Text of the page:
It’s no secret that babies are expensive and between the immediate costs of diapers, wipes, food, and clothes, it’s no wonder parents are overwhelmed at the thought of saving for college 18 years from now. But thanks to the wonder of compound interest, the sooner you start, the better.
According to Collegeboard.org, the average private college tuition costs $31,231. Based on historical data, tuition is expected to rise 2.2 percent above inflation annually (not to mention associated fees like lodging, books, and food). So parents could be looking at costs approaching $100,000 per year. The time to start saving for college is now.
529 College Savings Plan
Popular 529 Savings Plans are operated by states or educational institutions and it typically doesn’t matter if you sign up for a plan in one state and your child wishes to attend school in another. Each state offers different plans and tax incentives, benefits, and features vary from plan to plan, so it’s worth researching to find one that fits your needs.
You’ll also have the option to choose from a savings plan or prepaid tuition plan. With savings plans, your money is invested for you, which means it will fluctuate with performance; prepaid tuition plans allow you to prepay all or part of in-state tuition now to lock in the price for future use. Among the many perks of a 529 Plan are that your money can grow tax-free and won’t be taxed on the other end when you pull it out for college.
These are accounts that parents (or custodians) can set up in their child’s name. Custodial accounts offer enormous flexibility because you’re in control. Parents can add savings bonds and cash children receive as early birthday presents.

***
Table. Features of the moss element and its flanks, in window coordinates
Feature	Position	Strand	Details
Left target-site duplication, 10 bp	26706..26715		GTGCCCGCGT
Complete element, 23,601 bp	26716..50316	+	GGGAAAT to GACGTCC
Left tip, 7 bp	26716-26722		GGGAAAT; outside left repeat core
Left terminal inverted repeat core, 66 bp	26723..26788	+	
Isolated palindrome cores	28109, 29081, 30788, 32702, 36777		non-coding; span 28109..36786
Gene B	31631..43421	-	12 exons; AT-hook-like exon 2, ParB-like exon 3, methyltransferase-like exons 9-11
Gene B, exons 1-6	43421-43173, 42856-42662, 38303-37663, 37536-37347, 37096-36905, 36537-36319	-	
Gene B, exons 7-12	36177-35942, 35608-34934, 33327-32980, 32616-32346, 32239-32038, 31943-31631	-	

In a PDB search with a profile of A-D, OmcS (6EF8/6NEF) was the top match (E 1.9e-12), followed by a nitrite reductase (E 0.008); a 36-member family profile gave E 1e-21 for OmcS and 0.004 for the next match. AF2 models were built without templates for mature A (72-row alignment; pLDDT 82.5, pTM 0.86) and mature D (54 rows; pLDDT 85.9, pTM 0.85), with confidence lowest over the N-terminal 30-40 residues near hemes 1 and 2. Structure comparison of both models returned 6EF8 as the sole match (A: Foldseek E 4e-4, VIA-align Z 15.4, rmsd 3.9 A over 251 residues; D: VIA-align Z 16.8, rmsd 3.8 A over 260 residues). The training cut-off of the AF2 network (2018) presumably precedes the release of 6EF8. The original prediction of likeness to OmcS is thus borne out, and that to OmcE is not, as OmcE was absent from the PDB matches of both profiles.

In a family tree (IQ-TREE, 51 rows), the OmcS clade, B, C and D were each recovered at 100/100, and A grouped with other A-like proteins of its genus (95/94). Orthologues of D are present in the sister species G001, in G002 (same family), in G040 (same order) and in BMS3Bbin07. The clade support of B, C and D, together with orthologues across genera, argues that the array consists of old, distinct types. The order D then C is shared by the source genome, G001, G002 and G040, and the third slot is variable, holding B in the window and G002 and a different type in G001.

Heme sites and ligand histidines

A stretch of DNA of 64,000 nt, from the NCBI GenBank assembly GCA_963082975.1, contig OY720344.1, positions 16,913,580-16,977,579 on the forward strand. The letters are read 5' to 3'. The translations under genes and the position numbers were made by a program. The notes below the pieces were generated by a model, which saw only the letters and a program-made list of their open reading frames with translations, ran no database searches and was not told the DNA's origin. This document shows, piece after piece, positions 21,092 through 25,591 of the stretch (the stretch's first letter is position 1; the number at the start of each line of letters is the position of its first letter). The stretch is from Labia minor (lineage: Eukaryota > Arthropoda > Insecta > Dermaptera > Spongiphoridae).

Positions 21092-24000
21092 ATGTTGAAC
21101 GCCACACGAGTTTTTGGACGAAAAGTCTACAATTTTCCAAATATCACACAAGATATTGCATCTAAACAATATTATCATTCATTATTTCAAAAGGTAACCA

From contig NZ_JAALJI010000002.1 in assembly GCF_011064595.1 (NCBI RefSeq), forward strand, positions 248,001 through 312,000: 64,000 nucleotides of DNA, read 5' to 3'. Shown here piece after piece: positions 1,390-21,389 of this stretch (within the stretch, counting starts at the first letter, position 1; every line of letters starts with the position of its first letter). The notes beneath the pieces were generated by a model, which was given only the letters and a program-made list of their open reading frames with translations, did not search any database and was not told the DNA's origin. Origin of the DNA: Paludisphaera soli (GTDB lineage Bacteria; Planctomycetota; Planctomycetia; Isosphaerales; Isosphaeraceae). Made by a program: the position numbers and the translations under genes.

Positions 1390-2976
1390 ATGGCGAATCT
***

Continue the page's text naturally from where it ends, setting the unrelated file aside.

Once your child is 18, they’ll gain control of the account and can choose to use the money as they please (not just for educational purposes, unlike the 529 Plans), but in the meantime, you’ll be able to decide where and how the money and dividends are invested. The downside is that earnings in this type of account are generally taxed annually and then again upon withdrawal.
Coverdell Education Savings Accounts (ESAs)
If your modified adjusted gross income (MAGI) is less than $110,000, then you qualify for a Coverdell ESA. Much like 529 Plans, your after-tax contributions will grow tax-free and can be withdrawn tax-free down the line for educational expenses. What’s more, funds from a Coverdell ESA can be used for elementary and secondary education, not just higher education like most college savings plans. Coverdell ESAs can be opened at any bank or IRS-approved entity that offers them.
Looking at your little bundle on day one and thinking about the massive expense looming in 18 years is daunting, so instead, adopt a marathon-not-a-sprint mentally and think about small ways you can start saving today. Try forgoing your pricey morning java (and make it at home instead) or look into programs that link your credit card and 529 Savings Plan, which adds a little to your 529 Plan with every purchase. All of those dollars and cents will add up significantly and your baby Einstein will be college-bound before you know it.
– By Stephen Reynolds, Editor